Tracey retreats to the cover of the amaranth. She immediately springs forth with a roar and lands in front of me, a tigress as impressive in size and beauty as the tiger who now rubs his face against hers. They walk toward the trail that leads into the woods, the path Tabby has taken so many times.

I spend the next hour scouring my yard for any sign that they have been here, all the time knowing that my silence makes me an accessory to what is certainly happening a mile down the road.

I consider going inside to monitor the local news on the radio, but instead, I sit on the deck and wait for the sweet avian chorus to return.

Comments

Chris Mills (author) from Traverse City, MI on May 27, 2017:

jgs, this one is in line to be rewritten and expanded. I'll keep your comments in mind. I always appreciate honest feedback such as you have shared. Thanks for reading this story.

jgshorebird on May 27, 2017:

I had to finish it. Darn it.

And I don't like witches! Zombies are much better. My wife likes vampires.

I started to lose the spell a couple of times, but it (the story) flowed most of time -- for me. Probably the damned witch.

Shauna L Bowling from Central Florida on May 09, 2017:

Awesome, awesome story, Chris! I love the ending. I'll admit, I didn't see it coming. You've outdone yourself, my friend.

Lawrence Hebb from Hamilton, New Zealand on May 06, 2017:

Aww man, I wanna know what happened next!

Great story.

Chris Mills (author) from Traverse City, MI on April 17, 2017:

Shyron, The third part to this story seems to have caught everyone by surprise. At this point I am assuming that is a good thing. Thank you for all the valuable feedback.

Shyron E Shenko from Texas on April 16, 2017:

Chris, I sure did not expect this, are you going write about what is done to the husband, he needs some deserts, just deserts.

I hope you have the music back.

Blessings my friend.

Chris Mills (author) from Traverse City, MI on April 16, 2017:

Thanks, Genna.

Genna East from Massachusetts, USA on April 16, 2017:

Not at all, Chris. I loved this story, from beginning to end. You have a wonderful imagination.

Chris Mills (author) from Traverse City, MI on April 16, 2017:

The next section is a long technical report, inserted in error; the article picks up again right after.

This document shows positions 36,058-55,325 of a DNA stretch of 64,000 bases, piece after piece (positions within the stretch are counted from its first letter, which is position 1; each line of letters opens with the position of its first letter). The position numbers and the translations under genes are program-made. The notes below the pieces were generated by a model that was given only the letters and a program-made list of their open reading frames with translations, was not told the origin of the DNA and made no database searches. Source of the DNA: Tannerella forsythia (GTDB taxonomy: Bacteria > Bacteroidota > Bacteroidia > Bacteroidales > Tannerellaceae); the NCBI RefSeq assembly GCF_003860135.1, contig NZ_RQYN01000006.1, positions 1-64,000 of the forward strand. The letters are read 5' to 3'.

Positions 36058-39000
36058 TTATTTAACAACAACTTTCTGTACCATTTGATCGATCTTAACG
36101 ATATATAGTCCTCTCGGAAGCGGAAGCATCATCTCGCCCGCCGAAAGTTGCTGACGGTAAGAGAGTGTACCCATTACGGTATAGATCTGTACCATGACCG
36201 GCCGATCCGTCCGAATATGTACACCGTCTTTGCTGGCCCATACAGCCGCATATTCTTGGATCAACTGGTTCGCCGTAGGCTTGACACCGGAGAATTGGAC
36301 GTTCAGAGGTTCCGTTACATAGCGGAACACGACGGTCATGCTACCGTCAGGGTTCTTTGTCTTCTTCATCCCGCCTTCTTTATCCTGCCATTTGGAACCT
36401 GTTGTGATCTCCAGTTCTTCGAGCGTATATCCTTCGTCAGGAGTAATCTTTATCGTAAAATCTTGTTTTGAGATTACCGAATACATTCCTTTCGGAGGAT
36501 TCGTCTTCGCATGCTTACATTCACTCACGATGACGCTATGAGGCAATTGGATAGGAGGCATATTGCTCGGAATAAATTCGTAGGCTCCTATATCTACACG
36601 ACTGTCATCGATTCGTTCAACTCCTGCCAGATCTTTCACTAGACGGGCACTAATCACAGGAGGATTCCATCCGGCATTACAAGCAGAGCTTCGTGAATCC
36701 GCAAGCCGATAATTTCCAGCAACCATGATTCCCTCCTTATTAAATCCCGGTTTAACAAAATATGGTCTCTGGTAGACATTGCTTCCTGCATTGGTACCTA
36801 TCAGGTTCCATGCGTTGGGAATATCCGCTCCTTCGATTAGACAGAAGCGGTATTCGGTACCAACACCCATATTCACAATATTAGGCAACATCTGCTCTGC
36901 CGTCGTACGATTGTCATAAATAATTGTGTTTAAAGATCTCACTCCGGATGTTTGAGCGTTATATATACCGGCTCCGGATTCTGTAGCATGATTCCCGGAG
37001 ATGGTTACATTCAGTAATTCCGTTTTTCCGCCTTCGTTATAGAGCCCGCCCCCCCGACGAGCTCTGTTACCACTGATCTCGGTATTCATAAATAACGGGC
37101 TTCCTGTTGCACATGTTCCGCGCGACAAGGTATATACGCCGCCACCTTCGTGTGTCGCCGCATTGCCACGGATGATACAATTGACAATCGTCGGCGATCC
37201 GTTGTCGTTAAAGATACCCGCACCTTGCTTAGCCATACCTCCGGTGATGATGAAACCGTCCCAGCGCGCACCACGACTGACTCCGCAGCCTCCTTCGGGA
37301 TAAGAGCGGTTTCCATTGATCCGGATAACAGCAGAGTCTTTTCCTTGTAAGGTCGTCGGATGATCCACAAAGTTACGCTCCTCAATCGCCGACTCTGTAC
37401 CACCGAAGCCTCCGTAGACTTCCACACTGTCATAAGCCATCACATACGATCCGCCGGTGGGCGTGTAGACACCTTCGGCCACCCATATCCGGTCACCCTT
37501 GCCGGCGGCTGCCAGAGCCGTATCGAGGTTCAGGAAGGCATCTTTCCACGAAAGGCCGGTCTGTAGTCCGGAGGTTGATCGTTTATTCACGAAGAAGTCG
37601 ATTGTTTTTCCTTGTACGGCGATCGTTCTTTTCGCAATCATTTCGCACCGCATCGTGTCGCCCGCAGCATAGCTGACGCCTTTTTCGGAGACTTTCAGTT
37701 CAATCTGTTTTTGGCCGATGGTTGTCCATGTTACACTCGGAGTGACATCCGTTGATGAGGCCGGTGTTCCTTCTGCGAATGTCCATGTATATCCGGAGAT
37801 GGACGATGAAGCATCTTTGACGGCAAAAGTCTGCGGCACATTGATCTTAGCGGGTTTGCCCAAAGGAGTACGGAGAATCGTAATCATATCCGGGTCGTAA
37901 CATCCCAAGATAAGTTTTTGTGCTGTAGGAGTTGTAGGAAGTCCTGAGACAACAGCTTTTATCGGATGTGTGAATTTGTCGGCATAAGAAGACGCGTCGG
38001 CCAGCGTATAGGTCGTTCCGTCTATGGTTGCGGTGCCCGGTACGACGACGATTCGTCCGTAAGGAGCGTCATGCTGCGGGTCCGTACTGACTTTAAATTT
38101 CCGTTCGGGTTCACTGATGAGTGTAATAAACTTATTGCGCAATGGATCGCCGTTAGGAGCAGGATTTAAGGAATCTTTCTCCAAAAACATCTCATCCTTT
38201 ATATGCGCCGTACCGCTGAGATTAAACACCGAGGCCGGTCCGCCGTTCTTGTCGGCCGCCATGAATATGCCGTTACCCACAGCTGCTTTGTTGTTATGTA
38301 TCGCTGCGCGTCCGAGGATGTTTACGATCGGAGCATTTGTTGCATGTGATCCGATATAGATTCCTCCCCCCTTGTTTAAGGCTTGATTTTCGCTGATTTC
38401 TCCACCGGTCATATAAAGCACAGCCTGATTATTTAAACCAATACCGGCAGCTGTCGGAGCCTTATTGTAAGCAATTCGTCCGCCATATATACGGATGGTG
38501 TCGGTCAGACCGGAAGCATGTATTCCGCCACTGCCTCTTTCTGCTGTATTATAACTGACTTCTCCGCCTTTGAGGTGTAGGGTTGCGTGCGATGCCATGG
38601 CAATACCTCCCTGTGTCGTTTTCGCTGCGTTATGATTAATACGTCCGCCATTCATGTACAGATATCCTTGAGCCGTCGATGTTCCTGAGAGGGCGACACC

Genna, thanks for reading and for your helpful comments. I have one beta reader who I am using for stories I'll submit to online magazines, but she has not seen this one yet. It definitely needs some more editing.

Tracey did have unfinished business to attend to regarding her husband and his girlfriend. That's what the POV character meant when he thought "my silence makes me an accessory to what is certainly happening a mile down the road."

Do you feel the third part was too different from one and two. Is it such a drastic twist that it spoils the story in any way? This is something I need to resolve before taking the story forward.

Genna East from Massachusetts, USA on April 16, 2017:

Oh my! What a fascinating twist, Chris. Your ending answers questions, while bringing up new ones, such as what "Tracey" has in mind regarding her unfinished business. I really enjoyed this story.

Chris Mills (author) from Traverse City, MI on April 11, 2017:

Gilbert, once again, thank you for your insight. I knew I didn't want to go where the first two segments had led, that someone was attempting to frame him for the murder. I also wanted to twist the ending pretty hard. I think I barely kept it in the horror genre, and that was due to the supernatural element. Otherwise, I think it was more suspense than horror. I know what you mean about writing a SS and feel like you're writing a novel. My longer sci-fi story recently felt that way. It is now a 9000-word short story going off someplace to be considered for publication. This one felt like a SS to me, though, and I'm glad to know you feel it fits as well.

Chris Mills (author) from Traverse City, MI on April 10, 2017:

Linda, Thank you for reading and for your comments. This is definitely the end at this point. I suppose I could imagine the three characters working together somehow in the future. But for now it is what it is and I'm satisfied.

Chris Mills (author) from Traverse City, MI on April 10, 2017:

Gypsy Rose Lee, Your response to the story is gratifying. Thanks for taking the time to read and to tell me how it made you feel.